Early preview where we might be mapping in Western Queens this summer!
This Saturday, join us for a general TreeKIT workshop as part of the Conflux festival! This is a great time for interested individuals to get a quick orientation and go out and map a couple blocks using our simple hand tools and online map-form. We especially designed this workshop for people who would like to bring TreeKIT back to their own areas of interest. Meet us at 9am this Saturday at St. Marks Church benches – East 10th at 2nd avenue. We’ll be going until noon.
Graduate architecture students at Pratt Institute spent classtime on Wednesday gaining basic tree identification skills and learning both the TreeKIT and Parks protocols. But yesterday, due to the havoc wreaked by the tornado, there was a bit of a scramble as we realized that it was going to be unsafe to walk through Prospect Heights due to all the debris, and we decided to focus on Fort Greene instead. So last night, we set a new mapping area, made six block maps with address labels, and adjusted the spreadsheet to include a field for “damage”. This morning, 12 students as well as professor Alex Barker met up, organized into 3 teams and set out to map the six blocks adjacent to campus.
The weather was great and we had a very successful day, helped along by a lively block party with childrens’ sing-a-longs. We saw only two street trees down in the two by three block swath south of the main campus.
We are shocked and in the middle of re-evaluating our study area for matching trees with the existing city database because so many trees came crashing down during the freak weather today.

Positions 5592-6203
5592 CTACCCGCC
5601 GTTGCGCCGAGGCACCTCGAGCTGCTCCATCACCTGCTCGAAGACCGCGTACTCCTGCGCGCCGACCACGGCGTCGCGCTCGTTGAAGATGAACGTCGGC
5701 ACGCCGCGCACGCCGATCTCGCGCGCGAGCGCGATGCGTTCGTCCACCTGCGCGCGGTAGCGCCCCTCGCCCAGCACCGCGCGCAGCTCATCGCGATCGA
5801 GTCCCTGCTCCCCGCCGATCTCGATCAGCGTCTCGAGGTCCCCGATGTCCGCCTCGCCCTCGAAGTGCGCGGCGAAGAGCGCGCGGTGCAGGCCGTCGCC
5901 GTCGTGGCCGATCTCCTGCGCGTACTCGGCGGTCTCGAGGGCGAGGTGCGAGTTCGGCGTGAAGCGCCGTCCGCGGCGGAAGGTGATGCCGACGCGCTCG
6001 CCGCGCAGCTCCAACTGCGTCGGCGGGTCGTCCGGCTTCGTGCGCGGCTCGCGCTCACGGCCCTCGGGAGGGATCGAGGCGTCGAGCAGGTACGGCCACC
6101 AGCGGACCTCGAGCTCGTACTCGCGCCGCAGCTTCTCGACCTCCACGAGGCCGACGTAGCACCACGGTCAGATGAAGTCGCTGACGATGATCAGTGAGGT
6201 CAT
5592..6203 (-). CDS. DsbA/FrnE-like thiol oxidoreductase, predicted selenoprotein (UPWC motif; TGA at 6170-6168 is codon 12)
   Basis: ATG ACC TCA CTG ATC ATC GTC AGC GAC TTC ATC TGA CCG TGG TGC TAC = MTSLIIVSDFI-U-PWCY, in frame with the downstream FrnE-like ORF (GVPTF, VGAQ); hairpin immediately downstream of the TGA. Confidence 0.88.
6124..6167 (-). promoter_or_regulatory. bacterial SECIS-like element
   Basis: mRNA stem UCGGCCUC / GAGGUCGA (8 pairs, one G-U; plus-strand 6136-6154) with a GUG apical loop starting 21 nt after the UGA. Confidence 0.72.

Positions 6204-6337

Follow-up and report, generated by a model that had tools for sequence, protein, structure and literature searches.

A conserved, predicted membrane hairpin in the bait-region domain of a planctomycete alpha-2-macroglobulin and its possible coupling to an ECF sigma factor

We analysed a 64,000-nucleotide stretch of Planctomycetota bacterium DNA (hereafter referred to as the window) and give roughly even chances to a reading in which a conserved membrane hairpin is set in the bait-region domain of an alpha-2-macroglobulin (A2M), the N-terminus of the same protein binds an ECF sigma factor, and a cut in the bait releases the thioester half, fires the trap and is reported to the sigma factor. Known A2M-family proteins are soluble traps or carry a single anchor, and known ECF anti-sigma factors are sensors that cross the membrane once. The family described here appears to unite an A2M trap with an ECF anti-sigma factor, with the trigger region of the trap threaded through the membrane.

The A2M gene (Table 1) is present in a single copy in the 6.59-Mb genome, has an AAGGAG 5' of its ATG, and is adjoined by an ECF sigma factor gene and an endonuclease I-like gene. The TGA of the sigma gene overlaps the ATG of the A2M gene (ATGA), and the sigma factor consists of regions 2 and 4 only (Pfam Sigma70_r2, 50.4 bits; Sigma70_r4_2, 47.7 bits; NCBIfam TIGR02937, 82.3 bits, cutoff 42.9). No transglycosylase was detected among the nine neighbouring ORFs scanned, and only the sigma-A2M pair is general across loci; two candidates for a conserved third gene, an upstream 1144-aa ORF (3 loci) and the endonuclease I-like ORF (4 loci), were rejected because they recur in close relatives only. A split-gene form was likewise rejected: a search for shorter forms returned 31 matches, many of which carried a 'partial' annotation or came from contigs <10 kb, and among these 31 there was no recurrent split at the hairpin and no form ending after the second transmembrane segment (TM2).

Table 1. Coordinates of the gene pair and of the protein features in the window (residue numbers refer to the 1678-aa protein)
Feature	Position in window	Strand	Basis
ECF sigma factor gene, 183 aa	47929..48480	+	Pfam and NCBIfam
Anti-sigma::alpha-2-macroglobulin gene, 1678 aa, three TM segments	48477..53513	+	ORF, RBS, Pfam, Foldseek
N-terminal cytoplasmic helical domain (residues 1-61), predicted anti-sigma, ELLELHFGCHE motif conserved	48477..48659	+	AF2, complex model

Because of “all hands on deck” to clean up the debris, this weekend’s mapping party will be moved to another location or cancelled entirely.
This Saturday, TreeNYC was joined by an amazing crew: the East Harlem First Robotics team led by G. Garcias. These young people tackled tough-to-map areas at the north edge of the neighborhood that are experiencing heavy construction impacts from Atlantic Yards. Tree ID was taught by guest landscape architects Michael Cluer and Patrick Doran.
This Saturday’s mapping party in Prospect Heights was a great start to the season! Prospect Heights Community Farm graciously hosted our orientation session, which turned into a jubilant meet-&-greet where some of our staunchest supporters finally met face to face. Five teams of mappers set out and in just a few hours completed 25% of the total block segments. We wrapped up the day with a report back and got some great advice on what could be improved about the user experience. Unofficially, we can say that the greatest factor affecting efficiency is talking to strangers — we are amazed by the sheer number of passers-by who walk up and want to know what we are doing and why!
Our heartfelt thanks to everyone who made it happen in the hot, hot heat.